A new report from WalletHub found the Sunshine State is the 10th worst state for millennials. The personal finance website compared all 50 states and the District of Columbia across 24 metrics, including the share of millennials, average monthly earnings, and millennial unemployment rate.
According to the report, Florida ranked 48th in the nation for the percentage of millennials, generally described as people in their “late-teens to early-30s,” living with their parents, and 38th for the millennial unemployment rate.
The state, according to the report, ranked 50th in the nation for the percentage of millennials with health insurance coverage and 48th for the percentage of millennials.
So where are the best places for millennials? Well, according to the number crunchers at WalletHub: North Dakota ranks No. 1, followed by Minnesota, South Dakota, Iowa, D.C., and Utah.
Florida’s lawmakers observe delicate courtesies during debate. It makes sense not to go out of one’s way to offend a colleague who might be on your side, or at least persuadable, tomorrow.
So Rep. Burgess was at pains not to label a Mike Miller amendment to his workers’ compensation fix “unfriendly” during Commerce Committee debate.
The amendment would have lowered the burden of proof and eliminated the requirement for a physical injury for claims involving mental or nervous injuries in the workplace for first responders.
As an Army reservist, Burgess sympathized. But Miller’s amendment could significantly increase insurance costs.
“It’s been said that this workers’ compensation issue, and the bill we have before us today, is an egg on a spoon on a tightrope over a whole bunch of molten lava,” Burgess said. “There’s no way, shape or form a willingness to call this an unfriendly amendment. But at this time I would prefer to move forward without this amendment attached.”
Miller finally withdrew his amendment, saying, “I do not want to be the person who injures that bill in any way.”
Way to go, Boston Whaler.
Gov. Scott stopped by the Edgwater company this week to commend it for its growth over the past few years. According to the Governor’s Office, the company has added more than 160 additional jobs since completing an 18-month expansion in 2015. The boat manufacturer now employs 750 Floridians.
“I am proud to recognize Boston Whaler’s ongoing success in Florida following the completion of their expansion project two years ago,” said Scott in a statement. “Boston Whaler is a great example of why Enterprise Florida works: the economic incentives EFI offered helped Boston Whaler invest in our state, and our focus on making Florida business-friendly has led to years of further growth at Boston Whaler. I look forward to seeing their continued success in our state.”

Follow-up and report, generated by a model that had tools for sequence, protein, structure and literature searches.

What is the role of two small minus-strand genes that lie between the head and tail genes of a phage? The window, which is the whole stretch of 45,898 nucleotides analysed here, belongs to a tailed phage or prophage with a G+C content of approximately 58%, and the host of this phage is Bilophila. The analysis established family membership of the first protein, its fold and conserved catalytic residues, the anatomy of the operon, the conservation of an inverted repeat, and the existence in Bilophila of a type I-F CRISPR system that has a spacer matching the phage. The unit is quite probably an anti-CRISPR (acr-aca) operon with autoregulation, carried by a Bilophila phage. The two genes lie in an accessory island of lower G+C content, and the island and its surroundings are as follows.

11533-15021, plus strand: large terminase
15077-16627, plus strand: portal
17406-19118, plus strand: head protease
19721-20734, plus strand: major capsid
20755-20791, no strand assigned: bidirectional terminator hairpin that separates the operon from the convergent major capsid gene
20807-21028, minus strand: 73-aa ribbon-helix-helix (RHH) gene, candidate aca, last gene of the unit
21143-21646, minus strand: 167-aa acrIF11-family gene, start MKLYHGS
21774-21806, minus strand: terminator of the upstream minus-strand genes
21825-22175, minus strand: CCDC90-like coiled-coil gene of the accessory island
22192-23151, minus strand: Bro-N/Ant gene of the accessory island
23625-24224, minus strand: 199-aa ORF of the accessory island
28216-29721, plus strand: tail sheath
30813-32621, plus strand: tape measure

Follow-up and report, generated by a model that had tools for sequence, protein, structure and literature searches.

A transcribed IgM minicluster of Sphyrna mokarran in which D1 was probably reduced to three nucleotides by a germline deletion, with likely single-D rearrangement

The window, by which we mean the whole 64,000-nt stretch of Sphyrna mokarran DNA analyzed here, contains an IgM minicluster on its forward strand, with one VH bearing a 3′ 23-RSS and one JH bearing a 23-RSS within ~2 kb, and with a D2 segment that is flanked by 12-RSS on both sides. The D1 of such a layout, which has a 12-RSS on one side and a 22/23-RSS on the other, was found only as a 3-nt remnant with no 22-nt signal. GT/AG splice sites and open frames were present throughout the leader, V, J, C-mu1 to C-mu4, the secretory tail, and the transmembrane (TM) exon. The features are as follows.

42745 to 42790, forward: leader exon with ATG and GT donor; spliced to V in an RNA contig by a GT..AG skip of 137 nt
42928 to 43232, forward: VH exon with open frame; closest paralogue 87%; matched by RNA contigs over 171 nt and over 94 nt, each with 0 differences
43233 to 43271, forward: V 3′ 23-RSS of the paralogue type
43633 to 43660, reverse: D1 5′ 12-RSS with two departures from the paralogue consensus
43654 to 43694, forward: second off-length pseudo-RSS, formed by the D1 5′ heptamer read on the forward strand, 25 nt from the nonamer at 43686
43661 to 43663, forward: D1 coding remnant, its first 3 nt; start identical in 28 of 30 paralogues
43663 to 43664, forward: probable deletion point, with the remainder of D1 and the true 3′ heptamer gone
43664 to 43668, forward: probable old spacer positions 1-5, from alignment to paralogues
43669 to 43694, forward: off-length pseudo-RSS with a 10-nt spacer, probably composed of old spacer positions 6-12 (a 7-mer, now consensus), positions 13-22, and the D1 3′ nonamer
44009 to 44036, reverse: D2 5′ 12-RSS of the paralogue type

Boston Whaler has been building boats in Florida since 1988.
Three Florida trauma centers were honored this week for their “heroic response to mass casualty events in their communities.”
The Florida Senate designated April 4 as Trauma Care Day, and recognized Orlando Regional Medical Center, Lee Memorial Hospital and Broward Medical Center for their work during tragedies this year.
In particular, lawmakers recognized Broward Health Medical Center’s Level I Trauma Center for their efforts following the Fort Lauderdale airport shooting. After the shooting, 54 victims were transferred to the Broward trauma center. The team sprang into action and worked around the clock to take care of the patients.
“These were challenging circumstances but our doctors, nurses and technical staff cared for all the patients coming from the Fort Lauderdale incident,” said Dr. Ivan Puente, Trauma Medical Director, Broward Health Medical Center. “Our Level 1 Trauma Center was established to prepare for this type of incident and I proud to serve with such a superb team of healthcare professionals.”
The resolution also recognized Orlando Regional Medical Center for its work in the days after the June 12 Pulse shooting and Lee Memorial for its work after the July 25 shooting at Club Blu in Fort Myers.
Three cheers for first responders and victim advocates.
Attorney General Pam Bondi and Gov. Scott recognized first responders and victims’ rights advocates from across the state during an annual ceremony at the Capitol this week to commemorate National Crime Victim’s Rights Week.
“I am thankful for all who dedicate their lives to serving victims of crime, including those who rushed to the scene of tragedy following the Pulse nightclub attack—we honored some of those individuals today for their work helping victims and their families in the aftermath of the attack,” said Bondi in a statement. “All our award recipients are exceptional and play a vital role in helping victims heal and I am eternally grateful for their service.”